Redundant Array of Inexpensive Disks (RAID)
RAID in Linux can be used to create logical volumes to ensure recovery from disk failures, backups, etc.
What is RAID?
RAID “redundant array of inexpensive disks” or “redundant array of independent disks” is a data storage virtualization technology that combines multiple physical disk drive components into one or more logical units for the purposes of data redundancy, performance improvement, or both.
Data redundancy refers to the practice of keeping data in two or more places within a database or data storage system.
You can set up and use two categories of RAIDs. These are –
- Hardware RAID
- Software RAID
Hardware-based RAID requires a dedicated controller to be installed on the server. RAID controllers in hardware are configured through card basic I/O system or Option ROM (read-only memory) either before or after the OS is booted.
Software-based RAID is provided by several modern Operating Systems. It is implemented in a number of ways, including as a component of the file system; as a layer that abstracts devices as a single virtual device; and as a layer that sits above any file system. This method of RAID uses some of the system’s computing power to manage a software-based RAID configuration.
RAID devices use different versions, called levels. The original paper that coined the term and developed the RAID setup concept defined six levels of RAID — 0 through 5. This numbered system enabled those in IT to differentiate RAID versions. The number of levels has since expanded and has been broken into three categories: standard, nested, and nonstandard RAID levels.
RAIDs are in various Levels. Some of the most used RAID levels are:
- RAID 0: Striping
- RAID 1: Mirroring
- RAID 5: Single Disk Distributed Parity
- RAID 6: Double Disk Distributed Parity
- RAID 10: Combine of Mirror & Stripe. (Nested RAID)
RAID 0: This configuration has striping but no redundancy of data. It offers the best performance, but it does not provide fault tolerance.
Stripe is sharing data randomly to multiple disks. If we use 2 disks half of our data will be in each disk.
RAID 1: Also known as disk mirroring, this configuration consists of at least two drives that duplicate the storage of data. There is no striping. Read performance is improved, since either disk can be read at the same time. RAID1 requires a minimum of 2 drives.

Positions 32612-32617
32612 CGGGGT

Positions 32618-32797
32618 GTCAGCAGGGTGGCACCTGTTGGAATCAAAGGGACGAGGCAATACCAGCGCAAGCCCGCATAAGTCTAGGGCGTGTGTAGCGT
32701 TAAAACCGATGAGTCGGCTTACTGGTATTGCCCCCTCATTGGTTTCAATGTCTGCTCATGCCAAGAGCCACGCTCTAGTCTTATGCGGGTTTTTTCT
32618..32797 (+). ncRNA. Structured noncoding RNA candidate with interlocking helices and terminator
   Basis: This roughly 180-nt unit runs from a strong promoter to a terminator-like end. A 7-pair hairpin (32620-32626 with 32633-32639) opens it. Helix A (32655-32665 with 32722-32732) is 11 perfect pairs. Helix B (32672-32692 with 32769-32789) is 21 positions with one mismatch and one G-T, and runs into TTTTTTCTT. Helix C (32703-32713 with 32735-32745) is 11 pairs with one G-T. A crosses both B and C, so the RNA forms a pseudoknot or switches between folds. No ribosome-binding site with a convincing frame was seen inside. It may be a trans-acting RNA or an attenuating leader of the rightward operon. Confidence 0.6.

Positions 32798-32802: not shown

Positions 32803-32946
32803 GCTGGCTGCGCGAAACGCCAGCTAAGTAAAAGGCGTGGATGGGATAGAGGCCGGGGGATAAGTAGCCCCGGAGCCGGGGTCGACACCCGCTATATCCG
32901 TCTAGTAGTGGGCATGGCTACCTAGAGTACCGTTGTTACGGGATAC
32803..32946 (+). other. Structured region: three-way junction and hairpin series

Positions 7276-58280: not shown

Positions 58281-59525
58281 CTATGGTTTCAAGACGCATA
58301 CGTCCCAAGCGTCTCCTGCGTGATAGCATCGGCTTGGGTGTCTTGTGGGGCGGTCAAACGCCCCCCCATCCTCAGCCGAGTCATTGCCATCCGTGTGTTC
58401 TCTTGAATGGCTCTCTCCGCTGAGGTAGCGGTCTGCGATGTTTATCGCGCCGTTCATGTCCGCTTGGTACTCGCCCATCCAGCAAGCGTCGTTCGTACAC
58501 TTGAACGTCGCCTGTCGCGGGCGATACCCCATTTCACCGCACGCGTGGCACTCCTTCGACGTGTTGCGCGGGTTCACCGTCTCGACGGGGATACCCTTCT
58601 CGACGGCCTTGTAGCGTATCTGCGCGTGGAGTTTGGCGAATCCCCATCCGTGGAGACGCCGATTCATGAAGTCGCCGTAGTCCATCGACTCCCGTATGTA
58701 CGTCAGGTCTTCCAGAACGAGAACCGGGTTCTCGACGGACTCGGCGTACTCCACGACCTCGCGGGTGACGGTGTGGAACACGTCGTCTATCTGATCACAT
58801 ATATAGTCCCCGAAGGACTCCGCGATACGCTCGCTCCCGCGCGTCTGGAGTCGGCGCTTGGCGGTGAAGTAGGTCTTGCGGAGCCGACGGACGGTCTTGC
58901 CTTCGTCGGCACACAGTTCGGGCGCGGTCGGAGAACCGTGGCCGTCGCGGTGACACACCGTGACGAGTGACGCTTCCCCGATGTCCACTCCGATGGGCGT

Mirroring is making a copy of the same data. In RAID 1 it will save the same content to the other disk too.
RAID 5: This level is based on parity block-level striping. The parity information is striped across each drive, enabling the array to function, even if one drive were to fail. This will protect our data from drive failure. Better performance than that of a single drive, but not as high as a RAID 0 array. RAID 5 requires at least three disks. RAID5 can survive from single disk failures but in case of multiple disk failure data loss may occur.
Parity method in raid regenerate the lost content from parity’s saved information.
If we have 4 numbers of 1TB hard-drive. The parity information will be stored in 256GB in each drive and 768GB in each drive will be defined for Users.
RAID 6: This technique is similar to RAID 5, but it includes a second parity scheme distributed across the drives in the array. The use of additional parity enables the array to continue functioning, even if two disks fail simultaneously. However, this extra protection comes at a cost. RAID 6 arrays often have slower write performance than RAID 5 arrays.
RAID 10 (RAID 1+0): Combining RAID 1 and RAID 0, this level is often referred to as RAID 10, which offers higher performance than RAID 1. In RAID 1+0, the data is mirrored, and the mirrors are striped.
Benefits of RAID
There are several benefits of implementing RAID in Linux at various levels. The following are the primary benefits:
- Redundancy: If one disk crashes, the data is duplicated on other disks, preventing data loss.
- Performance: By writing data to several disks, the overall data transfer rate can be increased.
- Convenience: Setting up RAID is simpler, and storage from several physical disks can be handled even though they are in different systems.
- Parity Check: This feature can check for any potential system crashes and warn you.
The above content provides basic understanding about RAID. In this article we have seen what RAID is and which levels are mostly used in RAID. For setting up RAID one must know the basics of RAID.